Sure enough, a little Googling proved my hunch was right. (Don’t be too impressed. The Battle of Hastings in 1066 is one of the few historical dates I remember from school.)
At first ol’ Norman-named Walter was surrounded by people with weird Anglo-Saxon names like Cyneweard, and his friends Godric, Aelfwine, Godgivu , Aethelred, and Deorwine.
William and his Norman crowd brought their refined, wine-drinking names with them, and the not-so-sore-losing conquerees soon discovered that they liked both the culture and the names of the conquorers better.
That’s why your neighbors are probably William instead of Wigberht, John instead of Eoforhild, or Susan instead of Swidhun.
It’s also the reason there are, statistically, 60 Michaels to every Hector, and 57 Johns to every Stuart.
Because the pool of popular children’s names shrank after the Norman invasion.
Instead of the Anglo-Saxon baby name book that would have been hundreds of pages long, parents would have had more of a pamphlet to go through now.
To put it another way, if you went out to meet a group of ten friends in England in about 1300, the group would have, statistically, two Johns, two Matildas, at least one William and Isabella, and either a Thomas, Bartholomew, Cecilia, or Catherine for the others.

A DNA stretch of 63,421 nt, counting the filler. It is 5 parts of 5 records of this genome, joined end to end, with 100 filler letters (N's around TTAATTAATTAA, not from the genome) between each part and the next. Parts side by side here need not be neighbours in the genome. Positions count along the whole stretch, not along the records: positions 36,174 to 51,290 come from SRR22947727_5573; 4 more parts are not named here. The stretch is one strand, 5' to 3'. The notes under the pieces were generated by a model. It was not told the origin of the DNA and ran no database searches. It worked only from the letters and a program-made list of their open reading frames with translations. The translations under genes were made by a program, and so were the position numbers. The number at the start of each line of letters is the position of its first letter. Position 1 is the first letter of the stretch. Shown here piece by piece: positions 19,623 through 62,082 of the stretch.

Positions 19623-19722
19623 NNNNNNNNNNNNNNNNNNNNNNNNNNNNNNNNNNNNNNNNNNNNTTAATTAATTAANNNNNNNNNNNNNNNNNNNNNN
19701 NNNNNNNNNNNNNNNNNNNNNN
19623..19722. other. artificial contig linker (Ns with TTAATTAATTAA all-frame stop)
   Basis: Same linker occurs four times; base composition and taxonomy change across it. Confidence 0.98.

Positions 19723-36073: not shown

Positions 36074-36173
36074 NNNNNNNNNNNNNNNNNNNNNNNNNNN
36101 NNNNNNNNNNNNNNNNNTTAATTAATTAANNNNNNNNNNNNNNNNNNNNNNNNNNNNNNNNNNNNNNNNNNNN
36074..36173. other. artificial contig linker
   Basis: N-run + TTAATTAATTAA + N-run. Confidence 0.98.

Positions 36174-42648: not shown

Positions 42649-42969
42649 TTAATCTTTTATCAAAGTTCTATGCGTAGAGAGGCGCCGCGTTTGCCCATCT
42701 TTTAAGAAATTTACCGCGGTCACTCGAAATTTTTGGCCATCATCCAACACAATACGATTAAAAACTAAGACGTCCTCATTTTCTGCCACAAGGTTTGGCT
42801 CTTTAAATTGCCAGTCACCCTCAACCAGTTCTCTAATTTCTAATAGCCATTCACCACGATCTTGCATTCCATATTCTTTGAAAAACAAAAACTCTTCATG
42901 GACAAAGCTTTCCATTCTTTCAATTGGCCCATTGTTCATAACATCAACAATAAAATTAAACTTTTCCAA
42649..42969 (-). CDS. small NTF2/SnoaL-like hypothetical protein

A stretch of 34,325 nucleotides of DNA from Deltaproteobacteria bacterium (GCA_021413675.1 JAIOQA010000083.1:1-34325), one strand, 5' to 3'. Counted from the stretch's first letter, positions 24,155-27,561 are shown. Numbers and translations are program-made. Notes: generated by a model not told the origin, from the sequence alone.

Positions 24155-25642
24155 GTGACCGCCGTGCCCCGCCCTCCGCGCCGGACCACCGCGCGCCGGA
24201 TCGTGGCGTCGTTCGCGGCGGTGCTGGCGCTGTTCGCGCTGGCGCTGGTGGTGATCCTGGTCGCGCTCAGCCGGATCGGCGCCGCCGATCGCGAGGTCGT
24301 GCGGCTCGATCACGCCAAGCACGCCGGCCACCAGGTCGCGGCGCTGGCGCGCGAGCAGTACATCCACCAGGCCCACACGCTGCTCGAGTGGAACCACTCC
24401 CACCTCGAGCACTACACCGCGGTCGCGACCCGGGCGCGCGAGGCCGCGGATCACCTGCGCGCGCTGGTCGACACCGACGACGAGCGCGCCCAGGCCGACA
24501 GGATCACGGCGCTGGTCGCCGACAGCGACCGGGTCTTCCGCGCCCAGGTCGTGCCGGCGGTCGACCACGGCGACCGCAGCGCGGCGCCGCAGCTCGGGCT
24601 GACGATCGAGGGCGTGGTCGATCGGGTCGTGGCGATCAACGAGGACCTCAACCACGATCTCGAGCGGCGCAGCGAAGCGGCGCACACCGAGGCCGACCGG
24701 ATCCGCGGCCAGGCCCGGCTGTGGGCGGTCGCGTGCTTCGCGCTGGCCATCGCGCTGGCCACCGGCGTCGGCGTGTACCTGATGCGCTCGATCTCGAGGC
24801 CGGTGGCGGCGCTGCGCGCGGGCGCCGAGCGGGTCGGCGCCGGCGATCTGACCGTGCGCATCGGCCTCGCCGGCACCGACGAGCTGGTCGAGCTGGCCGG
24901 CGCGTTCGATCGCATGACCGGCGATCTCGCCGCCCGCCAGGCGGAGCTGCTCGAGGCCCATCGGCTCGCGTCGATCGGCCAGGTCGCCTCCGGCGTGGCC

Naming became so uncreative in England, in fact, that there were sometimes several children with the same names in one family.
“One John Barker had three sons named John Barker, and two daughters named Margaret Barker.”
I just hope they didn’t all look alike too.
It got confusing real fast. Thus the surname became a thing.
For a while, last names kept to the knitting. If you read King Edward IV’s accounting books from 1480, you would see IOUs made out to:
John Poyntmaker, for pointing of xl. Dozen points of silk pointed with agelettes of laton.
To a laborer called Rychard Gardyner working in the gardyne.
To Alice Shapster for making and washing xxiiii. Sherts, and xxiiii. Stomachers.
But they started running into a problem of duplicates, so someone got smart and extended the roster of names by adding “son” (in whatever appropriate language) to the ends of given names.
Then someone else started in on adjectives, like Short, Little, Red, or White.
Then they started putting their creative muscle into it and got Longfellow, Blackbeard, Stern, and Peacock (“vanity, vanity, all is vanity”).
You probably don’t know anyone named “Crooked Nose,” but maybe you know a Cameron, which is Gaelic for the same.
And you probably don’t know an “Ugly Head,” but I bet you know its Gaelic version, Kennedy.
You probably do know what the name Williamson means. But I bet you didn’t know that William is German for Desire Helmet.
It’s fun to play ancestral name detective, though it can be frustrating. But if you’re hitting brick walls that you need to find a way around, put on your deerstalker hat and think like Sherlock. You might be surprised at how well it works.